In this area, I rooted the hair in a circle. I wasn't very good at this step. My circle started off well enough...
But then I'd fail to get the hair lined up with the existing circle and my newly-rooted hairs would trail off on their own path:
Part of the problem was that the mohair weft blocked my view of the hair that had already been rooted, so it was hard to see exactly where the needle should go.
I finally got a full circle of hair, which seems great, except that I was actually trying to get a spiral that would spin its way out into wider and wider circles. Oops.
I added a few more layers to this circle, trying to make it into a spiral, but I didn't have much success.
I took Saskia into the studio to get some pictures of her at the end of the first day of rooting. And she...ah...well, she looks kinda confused:
The number of hairs that stick straight up in the back are good evidence that I can't even follow my own rooting rules...and also the fact that it gets hard in some positions to stop the needle from going straight into the head.
The cowlick looked like a calamity at this stage, too. There's no clear spiral in sight, just a bunch of clumps sticking out every which way:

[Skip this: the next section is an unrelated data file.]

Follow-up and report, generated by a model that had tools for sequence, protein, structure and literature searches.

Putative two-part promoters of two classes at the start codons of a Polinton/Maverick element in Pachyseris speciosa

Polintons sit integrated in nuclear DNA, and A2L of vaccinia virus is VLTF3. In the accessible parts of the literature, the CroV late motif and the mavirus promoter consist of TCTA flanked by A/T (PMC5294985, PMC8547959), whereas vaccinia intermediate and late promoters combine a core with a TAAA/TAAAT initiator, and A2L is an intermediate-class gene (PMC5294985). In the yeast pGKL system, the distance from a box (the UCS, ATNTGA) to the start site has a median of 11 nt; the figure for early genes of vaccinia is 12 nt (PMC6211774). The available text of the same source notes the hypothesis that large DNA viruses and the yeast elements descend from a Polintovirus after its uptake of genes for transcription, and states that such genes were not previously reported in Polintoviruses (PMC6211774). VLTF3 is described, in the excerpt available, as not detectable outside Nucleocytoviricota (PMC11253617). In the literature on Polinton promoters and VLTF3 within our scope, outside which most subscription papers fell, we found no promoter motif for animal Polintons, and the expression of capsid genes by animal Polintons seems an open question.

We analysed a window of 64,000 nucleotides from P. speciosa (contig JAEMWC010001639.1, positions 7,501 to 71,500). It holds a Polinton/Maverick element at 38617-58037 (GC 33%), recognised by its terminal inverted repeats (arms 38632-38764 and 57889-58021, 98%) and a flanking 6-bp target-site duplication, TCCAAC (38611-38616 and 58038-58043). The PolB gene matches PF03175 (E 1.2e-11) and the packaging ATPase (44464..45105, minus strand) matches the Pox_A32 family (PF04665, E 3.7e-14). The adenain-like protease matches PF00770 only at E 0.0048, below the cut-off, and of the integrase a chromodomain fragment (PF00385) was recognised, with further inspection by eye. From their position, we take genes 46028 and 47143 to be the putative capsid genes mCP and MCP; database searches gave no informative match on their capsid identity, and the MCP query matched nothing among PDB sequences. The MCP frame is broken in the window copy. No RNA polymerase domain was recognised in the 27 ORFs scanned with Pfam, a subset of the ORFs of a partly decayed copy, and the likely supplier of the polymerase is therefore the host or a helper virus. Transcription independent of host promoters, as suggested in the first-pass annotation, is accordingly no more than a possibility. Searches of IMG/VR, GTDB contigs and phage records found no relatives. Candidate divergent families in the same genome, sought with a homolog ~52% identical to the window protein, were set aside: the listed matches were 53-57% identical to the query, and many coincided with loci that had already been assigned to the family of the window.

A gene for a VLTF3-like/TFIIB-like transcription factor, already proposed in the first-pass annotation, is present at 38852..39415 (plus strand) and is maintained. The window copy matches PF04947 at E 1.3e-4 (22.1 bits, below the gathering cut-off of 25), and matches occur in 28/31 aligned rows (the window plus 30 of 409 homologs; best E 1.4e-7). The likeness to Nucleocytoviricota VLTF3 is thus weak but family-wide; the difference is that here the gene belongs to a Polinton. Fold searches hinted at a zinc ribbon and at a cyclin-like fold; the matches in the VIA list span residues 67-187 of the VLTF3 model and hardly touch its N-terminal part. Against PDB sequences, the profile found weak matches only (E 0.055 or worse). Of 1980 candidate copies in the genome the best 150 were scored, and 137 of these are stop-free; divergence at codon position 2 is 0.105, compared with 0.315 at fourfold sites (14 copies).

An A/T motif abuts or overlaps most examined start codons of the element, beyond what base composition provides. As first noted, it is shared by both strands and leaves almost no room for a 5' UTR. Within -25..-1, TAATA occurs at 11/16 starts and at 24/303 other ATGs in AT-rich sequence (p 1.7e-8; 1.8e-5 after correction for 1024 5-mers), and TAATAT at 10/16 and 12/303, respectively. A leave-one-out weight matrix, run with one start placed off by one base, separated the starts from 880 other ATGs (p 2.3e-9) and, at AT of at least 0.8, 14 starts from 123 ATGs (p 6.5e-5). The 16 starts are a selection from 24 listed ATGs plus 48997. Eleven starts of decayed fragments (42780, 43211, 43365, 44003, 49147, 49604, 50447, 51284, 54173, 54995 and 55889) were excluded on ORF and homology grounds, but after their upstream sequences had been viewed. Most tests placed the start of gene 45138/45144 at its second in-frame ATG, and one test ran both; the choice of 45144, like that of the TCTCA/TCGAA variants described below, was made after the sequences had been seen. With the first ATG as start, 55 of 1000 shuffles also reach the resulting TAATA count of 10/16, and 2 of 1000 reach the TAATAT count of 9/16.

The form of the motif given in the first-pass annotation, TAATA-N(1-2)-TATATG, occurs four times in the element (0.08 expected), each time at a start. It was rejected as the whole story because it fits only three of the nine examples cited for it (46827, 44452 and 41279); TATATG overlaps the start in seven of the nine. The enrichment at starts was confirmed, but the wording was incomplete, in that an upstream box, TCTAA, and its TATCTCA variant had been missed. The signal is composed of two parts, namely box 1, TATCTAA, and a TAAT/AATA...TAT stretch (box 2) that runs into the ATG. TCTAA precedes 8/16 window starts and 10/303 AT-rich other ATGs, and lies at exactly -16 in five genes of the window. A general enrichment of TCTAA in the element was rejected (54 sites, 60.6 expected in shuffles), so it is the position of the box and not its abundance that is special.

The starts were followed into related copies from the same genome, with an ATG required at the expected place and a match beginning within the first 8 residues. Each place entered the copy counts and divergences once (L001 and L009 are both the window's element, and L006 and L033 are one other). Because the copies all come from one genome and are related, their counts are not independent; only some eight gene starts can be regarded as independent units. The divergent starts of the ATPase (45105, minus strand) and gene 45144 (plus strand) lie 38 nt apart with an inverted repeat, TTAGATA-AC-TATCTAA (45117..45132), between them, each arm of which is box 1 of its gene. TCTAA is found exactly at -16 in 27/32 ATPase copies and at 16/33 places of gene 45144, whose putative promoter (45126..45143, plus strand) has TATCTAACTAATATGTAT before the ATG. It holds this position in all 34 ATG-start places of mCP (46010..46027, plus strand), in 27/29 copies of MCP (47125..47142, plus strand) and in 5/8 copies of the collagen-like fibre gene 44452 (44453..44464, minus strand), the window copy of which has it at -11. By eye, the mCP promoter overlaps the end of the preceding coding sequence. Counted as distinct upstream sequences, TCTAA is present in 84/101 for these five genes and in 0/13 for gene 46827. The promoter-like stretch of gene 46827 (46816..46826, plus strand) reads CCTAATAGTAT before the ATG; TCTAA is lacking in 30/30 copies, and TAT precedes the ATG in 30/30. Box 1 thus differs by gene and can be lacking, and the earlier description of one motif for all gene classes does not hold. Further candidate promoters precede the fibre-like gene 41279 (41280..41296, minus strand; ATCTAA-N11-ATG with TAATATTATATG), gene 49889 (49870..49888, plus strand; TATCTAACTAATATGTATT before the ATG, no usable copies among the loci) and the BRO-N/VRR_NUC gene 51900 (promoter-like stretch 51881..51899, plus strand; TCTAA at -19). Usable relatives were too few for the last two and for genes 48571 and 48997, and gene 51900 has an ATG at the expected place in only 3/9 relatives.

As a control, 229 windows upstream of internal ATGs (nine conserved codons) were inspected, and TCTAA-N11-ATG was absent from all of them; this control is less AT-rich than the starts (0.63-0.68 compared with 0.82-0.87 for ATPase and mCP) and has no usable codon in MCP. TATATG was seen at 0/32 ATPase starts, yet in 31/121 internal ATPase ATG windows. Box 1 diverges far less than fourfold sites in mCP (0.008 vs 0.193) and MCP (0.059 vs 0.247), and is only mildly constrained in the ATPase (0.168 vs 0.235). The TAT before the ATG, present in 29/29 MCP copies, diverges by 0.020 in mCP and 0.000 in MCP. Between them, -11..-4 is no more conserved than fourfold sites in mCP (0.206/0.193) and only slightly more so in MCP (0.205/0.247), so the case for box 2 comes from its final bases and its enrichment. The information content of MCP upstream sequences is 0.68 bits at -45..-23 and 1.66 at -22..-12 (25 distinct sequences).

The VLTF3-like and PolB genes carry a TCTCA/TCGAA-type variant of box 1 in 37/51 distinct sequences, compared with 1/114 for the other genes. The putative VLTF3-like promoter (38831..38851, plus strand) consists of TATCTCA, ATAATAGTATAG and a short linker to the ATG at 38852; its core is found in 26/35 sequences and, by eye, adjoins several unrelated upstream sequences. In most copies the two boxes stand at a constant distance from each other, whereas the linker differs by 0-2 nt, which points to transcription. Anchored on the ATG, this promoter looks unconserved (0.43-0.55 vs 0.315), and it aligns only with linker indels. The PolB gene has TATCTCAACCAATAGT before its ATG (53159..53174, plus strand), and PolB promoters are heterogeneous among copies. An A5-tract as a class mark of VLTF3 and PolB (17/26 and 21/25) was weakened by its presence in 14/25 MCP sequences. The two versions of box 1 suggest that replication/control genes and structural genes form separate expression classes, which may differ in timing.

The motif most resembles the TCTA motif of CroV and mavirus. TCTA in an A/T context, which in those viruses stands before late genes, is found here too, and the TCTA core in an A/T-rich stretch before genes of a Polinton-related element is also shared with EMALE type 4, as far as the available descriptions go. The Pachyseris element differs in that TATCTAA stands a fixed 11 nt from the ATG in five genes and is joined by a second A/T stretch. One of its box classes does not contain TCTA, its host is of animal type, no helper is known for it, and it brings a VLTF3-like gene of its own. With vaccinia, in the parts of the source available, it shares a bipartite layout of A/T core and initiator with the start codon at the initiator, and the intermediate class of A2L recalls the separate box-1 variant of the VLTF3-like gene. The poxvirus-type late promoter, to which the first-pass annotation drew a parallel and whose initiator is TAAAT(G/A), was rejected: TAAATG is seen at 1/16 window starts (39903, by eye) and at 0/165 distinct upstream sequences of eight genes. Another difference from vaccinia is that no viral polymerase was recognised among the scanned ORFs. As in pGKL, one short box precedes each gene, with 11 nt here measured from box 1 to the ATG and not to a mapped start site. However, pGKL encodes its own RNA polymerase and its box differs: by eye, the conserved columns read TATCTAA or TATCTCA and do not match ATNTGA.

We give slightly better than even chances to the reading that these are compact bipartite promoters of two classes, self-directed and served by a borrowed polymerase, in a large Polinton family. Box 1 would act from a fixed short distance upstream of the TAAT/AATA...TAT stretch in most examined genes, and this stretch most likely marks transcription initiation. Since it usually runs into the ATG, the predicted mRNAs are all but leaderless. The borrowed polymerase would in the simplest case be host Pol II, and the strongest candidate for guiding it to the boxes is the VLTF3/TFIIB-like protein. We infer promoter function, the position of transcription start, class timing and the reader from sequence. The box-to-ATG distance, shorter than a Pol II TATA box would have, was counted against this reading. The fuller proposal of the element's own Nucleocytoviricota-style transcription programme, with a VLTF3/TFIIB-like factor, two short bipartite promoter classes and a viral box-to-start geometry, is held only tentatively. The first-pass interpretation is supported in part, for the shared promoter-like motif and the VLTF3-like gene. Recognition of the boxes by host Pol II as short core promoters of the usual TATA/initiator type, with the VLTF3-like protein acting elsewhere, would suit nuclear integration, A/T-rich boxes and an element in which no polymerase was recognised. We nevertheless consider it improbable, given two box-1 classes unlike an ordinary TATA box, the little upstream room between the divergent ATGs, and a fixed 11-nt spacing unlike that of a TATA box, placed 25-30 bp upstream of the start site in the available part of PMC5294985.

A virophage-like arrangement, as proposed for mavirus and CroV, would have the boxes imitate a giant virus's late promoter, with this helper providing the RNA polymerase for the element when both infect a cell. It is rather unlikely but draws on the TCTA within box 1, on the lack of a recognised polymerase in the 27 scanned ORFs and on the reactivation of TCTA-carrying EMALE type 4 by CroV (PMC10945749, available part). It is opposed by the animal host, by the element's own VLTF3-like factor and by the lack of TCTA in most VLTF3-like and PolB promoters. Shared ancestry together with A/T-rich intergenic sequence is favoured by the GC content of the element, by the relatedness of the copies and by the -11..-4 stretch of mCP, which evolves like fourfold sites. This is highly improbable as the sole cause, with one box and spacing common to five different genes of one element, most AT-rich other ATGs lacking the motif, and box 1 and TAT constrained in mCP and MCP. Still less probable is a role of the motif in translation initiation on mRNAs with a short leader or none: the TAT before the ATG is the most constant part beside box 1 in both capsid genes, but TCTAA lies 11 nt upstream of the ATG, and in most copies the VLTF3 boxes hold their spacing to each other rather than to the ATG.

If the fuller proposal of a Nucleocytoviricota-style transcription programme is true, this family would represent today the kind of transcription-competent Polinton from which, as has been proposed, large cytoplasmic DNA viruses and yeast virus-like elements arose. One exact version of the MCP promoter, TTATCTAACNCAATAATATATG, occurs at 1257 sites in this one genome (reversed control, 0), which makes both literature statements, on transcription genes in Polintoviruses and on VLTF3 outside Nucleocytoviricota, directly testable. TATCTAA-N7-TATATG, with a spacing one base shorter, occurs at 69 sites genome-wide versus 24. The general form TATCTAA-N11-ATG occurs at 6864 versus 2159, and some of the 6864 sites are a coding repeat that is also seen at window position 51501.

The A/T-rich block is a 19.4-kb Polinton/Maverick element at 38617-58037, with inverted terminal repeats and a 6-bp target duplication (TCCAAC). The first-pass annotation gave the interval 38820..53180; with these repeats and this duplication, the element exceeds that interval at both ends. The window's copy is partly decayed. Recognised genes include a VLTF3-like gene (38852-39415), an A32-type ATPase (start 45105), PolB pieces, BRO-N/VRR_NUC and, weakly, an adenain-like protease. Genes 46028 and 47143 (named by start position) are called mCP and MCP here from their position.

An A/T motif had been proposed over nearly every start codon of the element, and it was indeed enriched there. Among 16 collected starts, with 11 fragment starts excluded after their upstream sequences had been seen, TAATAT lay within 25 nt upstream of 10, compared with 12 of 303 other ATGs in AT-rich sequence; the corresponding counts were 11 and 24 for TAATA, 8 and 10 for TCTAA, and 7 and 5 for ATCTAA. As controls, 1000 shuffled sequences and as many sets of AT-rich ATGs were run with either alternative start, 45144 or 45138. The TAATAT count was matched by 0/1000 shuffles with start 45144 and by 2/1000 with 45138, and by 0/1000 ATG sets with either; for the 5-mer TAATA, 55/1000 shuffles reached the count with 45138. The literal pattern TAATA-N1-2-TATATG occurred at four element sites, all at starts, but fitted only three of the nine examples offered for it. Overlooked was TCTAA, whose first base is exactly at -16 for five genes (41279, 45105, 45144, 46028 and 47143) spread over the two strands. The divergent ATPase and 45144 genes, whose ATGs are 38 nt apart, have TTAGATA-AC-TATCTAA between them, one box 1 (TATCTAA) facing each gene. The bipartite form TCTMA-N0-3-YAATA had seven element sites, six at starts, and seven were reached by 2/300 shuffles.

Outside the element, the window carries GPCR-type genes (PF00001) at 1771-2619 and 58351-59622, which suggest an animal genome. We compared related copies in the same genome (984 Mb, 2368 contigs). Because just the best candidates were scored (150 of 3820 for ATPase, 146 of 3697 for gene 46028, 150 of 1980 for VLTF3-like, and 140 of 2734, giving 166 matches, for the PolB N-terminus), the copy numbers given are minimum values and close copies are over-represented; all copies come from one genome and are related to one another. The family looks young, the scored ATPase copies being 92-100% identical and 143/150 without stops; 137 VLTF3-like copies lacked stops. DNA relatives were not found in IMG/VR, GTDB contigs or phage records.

In this partially-rooted state, I have to say that Saskia's half profile is her best angle. It's a real treat. Are you ready to see it? Are you sure?
It's like she has a sea anemone growing out of the back of her head.
This doesn't look like a lot of progress, I know, but the rooting steps I've shown so far took me about eight hours. A full work day. For another perspective, that's about ten episodes of Gilmore Girls.
I can't say that I felt encouraged by Saskia's overall progress at the end of the first day. Far from it. I actually felt uneasy about the total number of hours that might be required to finish her. But, I was enjoying Gilmore Girls, and I was unreasonably pleased by the realism of the tiny little hair plugs.
I know that some reborn artists can blow this result out of the water, but it seemed pretty miraculous to me.
The hair looks and behaves like real hair--especially as it gets thicker.
Poor Saskia, though. The combination of her shiny complexion, the shaggy hairstyle, and the bits of mohair stuck all over her face...well, she looked depressed, kinda sweaty, and maybe stoned:
Anyway, day two dawned and I got right back to work, catching up with Rory and Lorelai and making some real progress with Saskia's hairline.
I didn't take many photos during this session (it was pretty repetitive...) but for some reason I snapped a picture while I was rooting behind Saskia's ear:
This was a tricky area to access. Saskia's ear made it difficult to angle the needle correctly, and so I ended up poking the needle straight up and down into the head more times than I'd like to admit.